The Census Bureau has released the complete demographic data files for Texas, which is allowing me to revisit some issues in more detail.

A few months ago, I wrote about demographics shifts in zip code 78704. (For readers outside of Austin, 78704 is the zip code directly south of downtown and a large chunk of Austin’s urban core.) The most striking shift was 78704’s loss of children:

If we disaggregate the population into children and adults, we see that 78704 lost 1,387 children and added 385 adults. Put differently, 78704 shed 17.9% of its population of children even as it saw a slight increase in its adult population. That's a huge decline, percentage-wise, for just one decade. That decline is also reflected in the change in the number of children per occupied housing unit. The average number of children per occupied housing unit shrank by 20.9% between 2000 and 2010. By contrast, the number of children per occupied housing unit in Austin as a whole actually increased slightly (from 0.56 to 0.58) between 2000 and 2010.

The Census Bureau has released the single-age populations. As I expected, the population of children is skewed toward very young children. There are almost twice as many babies as thirteen-year-olds, for example.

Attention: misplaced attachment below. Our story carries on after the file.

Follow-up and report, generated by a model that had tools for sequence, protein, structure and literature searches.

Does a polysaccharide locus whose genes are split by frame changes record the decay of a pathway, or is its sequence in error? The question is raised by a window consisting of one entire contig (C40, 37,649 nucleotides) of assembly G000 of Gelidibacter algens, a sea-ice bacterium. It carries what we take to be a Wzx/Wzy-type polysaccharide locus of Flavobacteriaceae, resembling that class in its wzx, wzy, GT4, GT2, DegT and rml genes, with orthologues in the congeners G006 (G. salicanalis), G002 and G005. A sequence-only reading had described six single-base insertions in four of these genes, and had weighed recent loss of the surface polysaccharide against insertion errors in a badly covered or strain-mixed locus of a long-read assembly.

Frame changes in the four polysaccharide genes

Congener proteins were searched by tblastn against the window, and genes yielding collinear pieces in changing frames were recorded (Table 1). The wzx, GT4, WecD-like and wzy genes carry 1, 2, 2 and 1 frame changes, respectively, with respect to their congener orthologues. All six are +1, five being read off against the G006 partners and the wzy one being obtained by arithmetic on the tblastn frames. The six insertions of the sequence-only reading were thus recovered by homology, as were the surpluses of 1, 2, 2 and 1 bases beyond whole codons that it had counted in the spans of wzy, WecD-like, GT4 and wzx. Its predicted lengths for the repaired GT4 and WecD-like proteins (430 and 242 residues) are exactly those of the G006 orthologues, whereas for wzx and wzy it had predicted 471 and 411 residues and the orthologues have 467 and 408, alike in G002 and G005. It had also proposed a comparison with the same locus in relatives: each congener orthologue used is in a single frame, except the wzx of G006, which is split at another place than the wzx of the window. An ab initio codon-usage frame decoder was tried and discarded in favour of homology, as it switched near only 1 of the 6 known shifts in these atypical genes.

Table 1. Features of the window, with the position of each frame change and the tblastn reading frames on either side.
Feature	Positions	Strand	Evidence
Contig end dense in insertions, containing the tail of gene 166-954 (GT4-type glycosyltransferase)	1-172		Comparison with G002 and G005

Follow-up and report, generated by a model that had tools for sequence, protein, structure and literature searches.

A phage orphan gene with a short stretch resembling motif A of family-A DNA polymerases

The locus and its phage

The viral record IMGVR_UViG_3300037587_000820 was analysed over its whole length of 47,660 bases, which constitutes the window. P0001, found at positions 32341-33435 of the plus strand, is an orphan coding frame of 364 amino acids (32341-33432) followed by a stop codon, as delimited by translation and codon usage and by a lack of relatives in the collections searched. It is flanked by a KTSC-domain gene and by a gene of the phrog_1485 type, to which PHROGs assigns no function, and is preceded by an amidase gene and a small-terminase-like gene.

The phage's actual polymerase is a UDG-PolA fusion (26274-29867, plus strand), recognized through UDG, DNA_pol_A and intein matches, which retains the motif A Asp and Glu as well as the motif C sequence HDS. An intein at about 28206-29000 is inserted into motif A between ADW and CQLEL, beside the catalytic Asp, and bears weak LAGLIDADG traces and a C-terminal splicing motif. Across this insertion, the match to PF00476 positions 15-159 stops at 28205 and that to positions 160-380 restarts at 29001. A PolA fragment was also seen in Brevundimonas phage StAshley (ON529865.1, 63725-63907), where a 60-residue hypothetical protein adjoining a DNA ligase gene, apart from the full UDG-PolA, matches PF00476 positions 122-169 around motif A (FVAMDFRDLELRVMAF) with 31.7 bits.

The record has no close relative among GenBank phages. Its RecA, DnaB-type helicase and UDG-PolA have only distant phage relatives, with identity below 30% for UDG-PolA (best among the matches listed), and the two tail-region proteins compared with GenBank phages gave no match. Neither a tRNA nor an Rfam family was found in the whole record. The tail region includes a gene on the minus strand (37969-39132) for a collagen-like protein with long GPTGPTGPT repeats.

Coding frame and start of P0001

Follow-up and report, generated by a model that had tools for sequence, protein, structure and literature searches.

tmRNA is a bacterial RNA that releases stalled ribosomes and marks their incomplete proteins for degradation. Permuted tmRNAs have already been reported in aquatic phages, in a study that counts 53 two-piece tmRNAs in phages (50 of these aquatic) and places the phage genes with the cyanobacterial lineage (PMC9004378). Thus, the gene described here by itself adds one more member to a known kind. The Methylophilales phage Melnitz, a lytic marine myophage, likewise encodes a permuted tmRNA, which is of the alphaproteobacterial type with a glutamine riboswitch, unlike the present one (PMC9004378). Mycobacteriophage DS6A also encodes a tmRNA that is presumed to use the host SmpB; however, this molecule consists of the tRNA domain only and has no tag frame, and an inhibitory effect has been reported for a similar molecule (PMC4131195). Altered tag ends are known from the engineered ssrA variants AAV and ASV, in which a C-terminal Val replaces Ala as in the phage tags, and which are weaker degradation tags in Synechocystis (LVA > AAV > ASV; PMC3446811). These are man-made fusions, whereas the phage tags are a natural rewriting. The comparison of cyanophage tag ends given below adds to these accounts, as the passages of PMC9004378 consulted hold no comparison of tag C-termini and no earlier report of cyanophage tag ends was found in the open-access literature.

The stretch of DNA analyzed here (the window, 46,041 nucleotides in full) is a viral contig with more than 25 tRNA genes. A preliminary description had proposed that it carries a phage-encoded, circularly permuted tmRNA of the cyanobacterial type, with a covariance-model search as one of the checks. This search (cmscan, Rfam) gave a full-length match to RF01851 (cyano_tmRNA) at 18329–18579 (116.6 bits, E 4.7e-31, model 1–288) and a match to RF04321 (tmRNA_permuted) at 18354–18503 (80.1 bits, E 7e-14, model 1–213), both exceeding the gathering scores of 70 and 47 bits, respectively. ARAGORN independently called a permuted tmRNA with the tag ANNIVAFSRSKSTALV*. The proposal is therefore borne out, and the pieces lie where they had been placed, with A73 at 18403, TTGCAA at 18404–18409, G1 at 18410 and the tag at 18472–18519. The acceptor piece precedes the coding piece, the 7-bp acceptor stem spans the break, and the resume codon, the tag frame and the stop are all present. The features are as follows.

This is a simple story, really. South Austin attracts singles and young couples. Many families start here but move away when children hit a certain age. The data show particularly steep drops between ages 3 and 4 and between ages 6 and 7, although these could simply be random variation. But the larger trend is not random.

It’s worth emphasizing that this is not a new trend. The population of children also declined with age in 2000. There are simply fewer children today. In fact, 78704 had fewer children of *each age* in 2010 than 2000.

None of this should surprise anyone. When I first looked at the numbers, I actually was surprised that 78704 has as many teenagers as it does. But I was guilty of extrapolating from the population of single-family homeowners. 78704 has a fair amount of low-income housing. I haven’t tried to determine whether low-income households are more likely to have a teenager, but the low-income developments are clearly a large source of school-age children in 78704.

Take the Bouldin Creek neighborhood (Census Tract 13.05). The neighborhood had 5,488 residents in 2010 spread among 110 Census blocks. 1,112 of the residents were under age 18. But over half of the children lived in just two census blocks (Blocks 2008 and 3025) containing large affordable-housing developments. (In fact, these two blocks contained more than 10% of the children in the entire zip code.) As is obvious from this chart, school-age children are spread very thinly over the remaining 108 census blocks.